'Dietary Supplements'

Edith Lovett

Pulaski County Extension Agent for Family and Consumer Sciences

We all want to live longer, be healthier and reduce our risk of chronic diseases. In some cases, that leads us to purchase dietary supplements, which can claim to do all of these things, including saving our memory. You should consider several things before purchasing and consuming a new supplement.

The level of scientific research to support marketing claims for supplements vary greatly depending on the product. Many supplement-related research studies were conducted on animals, but scientists do not have enough reliable research data to determine the impact dietary supplements have on humans. Many have not been tested in pregnant women, women who are nursing and children.

The manufacturing and distribution of dietary supplements are not as closely monitored by the Food and Drug Administration as prescription drugs. As a result, there is no set federal standard for supplement manufacturing and distribution. Any supplement you purchase may be very different than the product that was used in research studies.

Companies must provide evidence that their dietary supplements are safe to use and product labels must be truthful and not misleading. Supplement labels cannot claim that the product will diagnose, treat, cure, lessen the effects of or prevent any disease. It is difficult to know by looking at the label if the claim is supported by science or evaluated by the FDA. This is where understanding the label terminology can be tricky but is extremely important.

Let your health care providers, dentist, pharmacist, eye doctor and any other medical professionals know if you are taking a supplement of any kind as these could adversely interact with some prescription drugs. It is best to experiment with plant-derived supplements in their natural form by incorporating them into your cooking before purchasing a supplement. More information on nutrition-related topics is available at the Pulaski County Extension office.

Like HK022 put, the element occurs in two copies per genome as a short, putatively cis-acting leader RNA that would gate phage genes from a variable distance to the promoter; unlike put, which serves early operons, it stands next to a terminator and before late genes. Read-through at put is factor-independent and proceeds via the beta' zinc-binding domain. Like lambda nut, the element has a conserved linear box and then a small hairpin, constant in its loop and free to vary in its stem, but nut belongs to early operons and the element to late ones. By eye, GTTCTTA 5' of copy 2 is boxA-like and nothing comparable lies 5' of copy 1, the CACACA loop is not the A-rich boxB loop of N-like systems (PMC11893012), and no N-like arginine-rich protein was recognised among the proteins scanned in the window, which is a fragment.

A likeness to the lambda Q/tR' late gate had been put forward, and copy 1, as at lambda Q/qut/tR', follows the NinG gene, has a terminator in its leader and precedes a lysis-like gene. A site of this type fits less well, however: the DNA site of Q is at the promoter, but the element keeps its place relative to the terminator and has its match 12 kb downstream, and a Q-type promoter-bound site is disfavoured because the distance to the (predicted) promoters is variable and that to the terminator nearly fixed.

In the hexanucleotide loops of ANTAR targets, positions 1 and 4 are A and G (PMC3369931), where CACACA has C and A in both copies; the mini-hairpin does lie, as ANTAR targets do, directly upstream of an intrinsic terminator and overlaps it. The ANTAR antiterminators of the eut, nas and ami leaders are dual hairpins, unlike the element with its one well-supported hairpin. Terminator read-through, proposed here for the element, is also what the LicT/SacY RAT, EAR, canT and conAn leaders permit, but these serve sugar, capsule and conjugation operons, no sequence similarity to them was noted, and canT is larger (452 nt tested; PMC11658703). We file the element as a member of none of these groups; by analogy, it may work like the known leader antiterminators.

Educational programs of the Cooperative Extension Service serve all people regardless of economic or social status and will not discriminate on the basis of race, color, ethnic origin, national origin, creed, religion, political belief, sex, sexual orientation, gender identity, gender expressions, pregnancy, marital status, genetic information, age, veteran status, or physical or mental disability.

This makes a delicious, healthy salad, and can be very satisfying as a one meal dish. It doesn't take a long time to make. If someone in your family must have a meat with each meal, you can top the salad with grilled chicken, strips of ham, turkey or other meat products.

Spinach-Apple Salad

5 ounces fresh spinach

4 large apples

2 ounces sharp white cheddar cheese, shredded

½ cup slivered almonds, toasted (see directions below)

½ cup golden raisins


2 tablespoons honey

1 tablespoon olive oil

1 tablespoon cider vinegar

¼ teaspoon dry mustard

½ teaspoon ground cinnamon

¼ teaspoon finely chopped garlic

Wash and dry fresh spinach leaves. Break of stems, and tear the spinach into small pieces. Core and chop the apples into bite sized pieces. Do not peel. Mix together the spinach, apples, cheese, almonds and raisins. When ready to serve, in a small bowl, stir together dressing ingredients and pour over salad mixture. Toss and serve.

(To toast almonds spray a small pan with vegetable oil and heat over medium heat; spread the almonds over the pan and heat for about 30 seconds, stir. Continue to heat almonds for an additional 3-5 minutes, stirring often for even browning. Remove from heat when almonds are fragrant and turning golden brown around the edges. Pour the almonds on a plate, and allow to cool before adding them to the salad.) This will make 10-one cup servings, for 150 calories, 6g fat, 1.5g saturated fat, 5mg cholesterol, 50mg sodium, 22g carbohydrate, 3g fiber, 17g sugar, 3g protein.

Events at the Pulaski County Extension Office

This Tuesday, February 11, we will be making "Treats for our Sweet," at the Extension Office. The class begins at 1:00 o'clock. It is free to homemakers and $5 to others. Call the office to register at 679-6361.

Learn how to make beautiful cards you can send to your favorite people, and the class is free. Denise Salter is the instructor for the Card Class that meets the 4th Monday in each month. Join us on Monday, February 24 at 10:00 o'clock at the Extension Office.

"Gardening Options for Everyone" will be the homemaker's lesson for the month of March. The leader training to learn all about "Gardening" will be held on Monday, February 24, starting at 1:00 o'clock at the Extension Office. This class is opened to everyone.

The Calendar Food Class will be held on Friday, February 28 at 11:30 this month. Mark the new date on your calendar. Call the office to register.

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